Kiplinger’s Martha Craver scoops the New York Times on new cancer drugs

A cover story in today’s New York Times features a new and very promising cancer drug, CTL019 from Novartis. Kiplinger Alerts subscribers knew about this months in advance — because Kiplinger’s Martha Craver wrote about it on January 6th. See the original Kiplinger Alerts article below.

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Promising Cancer Drugs Coming Soon


Martha Craver

January 6, 2017

The war on cancer is on the verge of getting a number of new weapons. Many of them involve a novel approach known as immunotherapy, in which the body’s own immune system is engaged to fight the cancer.

One emerging immunotherapy treatment, chimeric antigen receptor T-cell (CAR-T) therapy, could be approved this year. CAR-T therapy involves genetically altering a patient’s T-cells — a type of white blood cell — to help the immune system find and kill cancer cells. The modified cells are infused into the patient after they are altered in the lab.

Kite Pharma and Novartis are in a close race for first approval from the Food & Drug Administration. The drug from Kite, axicabtagene ciloleucel, is a treatment for patients with an aggressive from of non-Hodgkin’s lymphoma. In early clinical trials, 47% of patients had complete remission. The company also is investigating its use to treat other cancers, including lymphoblastic leukemia and mantle cell lymphoma.

In clinical trials of patients with lymphoblastic leukemia whose cancer had returned or didn’t respond to other treatments, 82% were disease-free three months after treatment with the Novartis drug CTL019. Other companies with CAR-T drugs in development include June Therapeutics, Bellicum and Cellectis.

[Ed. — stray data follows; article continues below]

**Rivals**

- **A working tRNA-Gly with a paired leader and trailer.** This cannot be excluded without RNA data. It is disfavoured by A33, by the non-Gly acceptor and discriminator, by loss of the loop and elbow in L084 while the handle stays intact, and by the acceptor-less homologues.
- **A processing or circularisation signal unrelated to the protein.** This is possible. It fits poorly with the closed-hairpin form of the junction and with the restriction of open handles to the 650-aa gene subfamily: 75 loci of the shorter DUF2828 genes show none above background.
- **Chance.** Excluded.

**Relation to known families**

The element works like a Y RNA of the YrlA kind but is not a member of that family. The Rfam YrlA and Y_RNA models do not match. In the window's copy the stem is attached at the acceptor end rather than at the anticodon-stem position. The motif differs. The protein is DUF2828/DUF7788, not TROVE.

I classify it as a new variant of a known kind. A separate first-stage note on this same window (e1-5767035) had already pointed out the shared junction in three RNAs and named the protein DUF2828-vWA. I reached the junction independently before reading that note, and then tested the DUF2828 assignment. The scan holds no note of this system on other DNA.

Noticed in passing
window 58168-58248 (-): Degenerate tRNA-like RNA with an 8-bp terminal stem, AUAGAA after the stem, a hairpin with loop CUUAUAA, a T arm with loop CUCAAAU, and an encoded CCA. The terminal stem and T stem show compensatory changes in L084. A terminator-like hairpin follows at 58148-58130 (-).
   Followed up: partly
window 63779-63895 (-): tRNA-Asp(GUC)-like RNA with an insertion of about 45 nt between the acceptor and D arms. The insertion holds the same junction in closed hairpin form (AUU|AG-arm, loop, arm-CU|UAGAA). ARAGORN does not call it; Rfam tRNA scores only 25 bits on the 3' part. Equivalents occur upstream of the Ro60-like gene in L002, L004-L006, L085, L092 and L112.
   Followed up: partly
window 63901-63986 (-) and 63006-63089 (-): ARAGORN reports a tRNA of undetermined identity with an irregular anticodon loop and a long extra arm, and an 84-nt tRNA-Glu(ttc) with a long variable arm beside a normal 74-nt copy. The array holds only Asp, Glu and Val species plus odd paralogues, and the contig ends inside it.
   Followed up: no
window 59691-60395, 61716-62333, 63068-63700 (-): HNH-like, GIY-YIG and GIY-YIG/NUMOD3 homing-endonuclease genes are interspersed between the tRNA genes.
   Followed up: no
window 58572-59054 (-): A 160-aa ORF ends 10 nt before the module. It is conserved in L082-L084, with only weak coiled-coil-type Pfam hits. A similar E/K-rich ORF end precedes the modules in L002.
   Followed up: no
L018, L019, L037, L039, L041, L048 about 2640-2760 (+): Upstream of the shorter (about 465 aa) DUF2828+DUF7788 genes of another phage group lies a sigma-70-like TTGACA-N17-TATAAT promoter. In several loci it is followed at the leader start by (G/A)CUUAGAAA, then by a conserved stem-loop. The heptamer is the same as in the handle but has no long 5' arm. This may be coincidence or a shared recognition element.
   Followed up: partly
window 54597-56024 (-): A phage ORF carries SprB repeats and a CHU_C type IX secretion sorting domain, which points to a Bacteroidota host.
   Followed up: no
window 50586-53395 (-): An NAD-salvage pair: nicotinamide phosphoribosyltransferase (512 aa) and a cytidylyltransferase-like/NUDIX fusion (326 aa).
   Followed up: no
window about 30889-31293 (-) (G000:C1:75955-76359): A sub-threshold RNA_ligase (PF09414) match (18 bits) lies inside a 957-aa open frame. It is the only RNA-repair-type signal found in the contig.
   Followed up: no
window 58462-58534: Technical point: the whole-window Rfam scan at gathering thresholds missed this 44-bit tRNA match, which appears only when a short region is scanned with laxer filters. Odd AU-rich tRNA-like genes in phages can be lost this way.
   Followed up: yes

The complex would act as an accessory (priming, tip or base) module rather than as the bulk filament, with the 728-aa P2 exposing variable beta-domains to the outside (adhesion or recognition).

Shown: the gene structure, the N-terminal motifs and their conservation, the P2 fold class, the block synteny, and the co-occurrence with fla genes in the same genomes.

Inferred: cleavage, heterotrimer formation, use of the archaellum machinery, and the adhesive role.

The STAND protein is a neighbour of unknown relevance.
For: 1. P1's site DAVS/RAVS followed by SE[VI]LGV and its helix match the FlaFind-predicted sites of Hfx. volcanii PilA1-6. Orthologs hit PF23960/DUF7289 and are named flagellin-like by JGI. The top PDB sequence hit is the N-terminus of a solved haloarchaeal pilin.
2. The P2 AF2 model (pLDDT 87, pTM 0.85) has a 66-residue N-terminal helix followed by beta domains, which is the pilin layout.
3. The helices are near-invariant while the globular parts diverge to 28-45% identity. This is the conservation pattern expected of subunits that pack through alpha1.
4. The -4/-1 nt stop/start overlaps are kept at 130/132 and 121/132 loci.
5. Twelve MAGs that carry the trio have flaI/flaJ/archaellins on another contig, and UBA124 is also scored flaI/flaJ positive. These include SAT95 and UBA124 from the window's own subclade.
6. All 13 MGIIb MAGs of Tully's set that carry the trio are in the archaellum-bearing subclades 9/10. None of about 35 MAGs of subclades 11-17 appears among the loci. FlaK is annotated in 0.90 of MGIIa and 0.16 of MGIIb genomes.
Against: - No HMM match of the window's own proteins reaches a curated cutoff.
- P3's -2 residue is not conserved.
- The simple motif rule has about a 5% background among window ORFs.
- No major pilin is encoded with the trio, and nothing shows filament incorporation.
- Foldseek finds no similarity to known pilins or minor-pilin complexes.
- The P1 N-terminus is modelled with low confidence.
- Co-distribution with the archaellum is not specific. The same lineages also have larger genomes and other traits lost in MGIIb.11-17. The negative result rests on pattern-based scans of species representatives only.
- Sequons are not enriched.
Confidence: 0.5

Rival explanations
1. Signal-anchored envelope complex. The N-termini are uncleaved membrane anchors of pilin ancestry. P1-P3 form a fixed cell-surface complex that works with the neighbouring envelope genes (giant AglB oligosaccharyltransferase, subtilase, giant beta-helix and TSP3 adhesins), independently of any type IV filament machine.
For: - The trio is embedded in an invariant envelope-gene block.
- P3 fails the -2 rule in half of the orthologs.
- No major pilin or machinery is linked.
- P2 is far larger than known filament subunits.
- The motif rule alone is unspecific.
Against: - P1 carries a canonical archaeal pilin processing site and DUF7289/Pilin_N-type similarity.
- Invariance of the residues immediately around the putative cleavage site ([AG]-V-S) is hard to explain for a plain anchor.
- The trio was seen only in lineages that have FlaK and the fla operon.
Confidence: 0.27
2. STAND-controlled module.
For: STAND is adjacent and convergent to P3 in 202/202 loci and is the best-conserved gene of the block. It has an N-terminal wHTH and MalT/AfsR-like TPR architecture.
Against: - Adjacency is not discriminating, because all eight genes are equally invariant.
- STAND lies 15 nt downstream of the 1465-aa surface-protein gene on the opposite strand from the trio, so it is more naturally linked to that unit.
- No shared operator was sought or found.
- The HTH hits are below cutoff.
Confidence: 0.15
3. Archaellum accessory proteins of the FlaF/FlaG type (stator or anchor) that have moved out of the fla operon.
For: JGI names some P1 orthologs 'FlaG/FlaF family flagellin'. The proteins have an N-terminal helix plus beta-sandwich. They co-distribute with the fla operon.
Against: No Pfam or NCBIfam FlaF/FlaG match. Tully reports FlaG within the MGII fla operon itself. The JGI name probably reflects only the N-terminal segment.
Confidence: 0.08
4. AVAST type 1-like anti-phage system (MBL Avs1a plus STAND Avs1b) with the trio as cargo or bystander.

Serious side effects from CAR-T drugs have slowed development. Cytokine-release syndrome is the most worrisome. It stimulates the immune system too much, leading to dangerously high fevers and drops in blood pressure. But for most patients the side effects are mild and easily managed.

Combo treatments, using two or more new immunotherapy drugs or pairing an immunotherapy drug with a more traditional therapy or chemotherapy regimen, are next.

Bristol-Meyers Squibb has a number of trials ongoing that pair its two approved immunotherapies, Optivo and Yervoy, with other drugs for various cancers. BMS is combining Optivo and Yervoy in trials for small-cell lung cancer, kidney cancer as well as head and neck cancers. Other BMS trials include pairing one of the drugs with a cancer vaccine made by Bavarian Nordic for treatment of prostate and lung cancers.

Another approved immunotherapy drug, Keytruda from Merck, is also being tested in combination with other therapies for stomach and prostate cancers, among others. AstraZeneca is partnering with TapImmune to test its immunotherapy drug durvalumab with TapImmune’s vaccine for ovarian cancer.

There are many other promising cancer drugs in the pipeline. For advanced breast cancer, Eli Lilly and Novartis have new products that may get FDA approval in 2018. Both ribociclib from Novartis and abemaciclib from Lilly are from a new class of drugs that help slow the growth of cancer cells. A similar drug, Ibrance from Pfizer, is already on the market.

Other drugs, known as PARP inhibitors, suppress tumor regrowth after chemotherapy. Several of these drugs may get the nod in the next year or two: AstraZeneca’s Lynparza for breast and prostate cancers, Tesaro’s niraparib for recurrent ovarian cancer and Pfizer’s talazoparib for advanced breast cancer.


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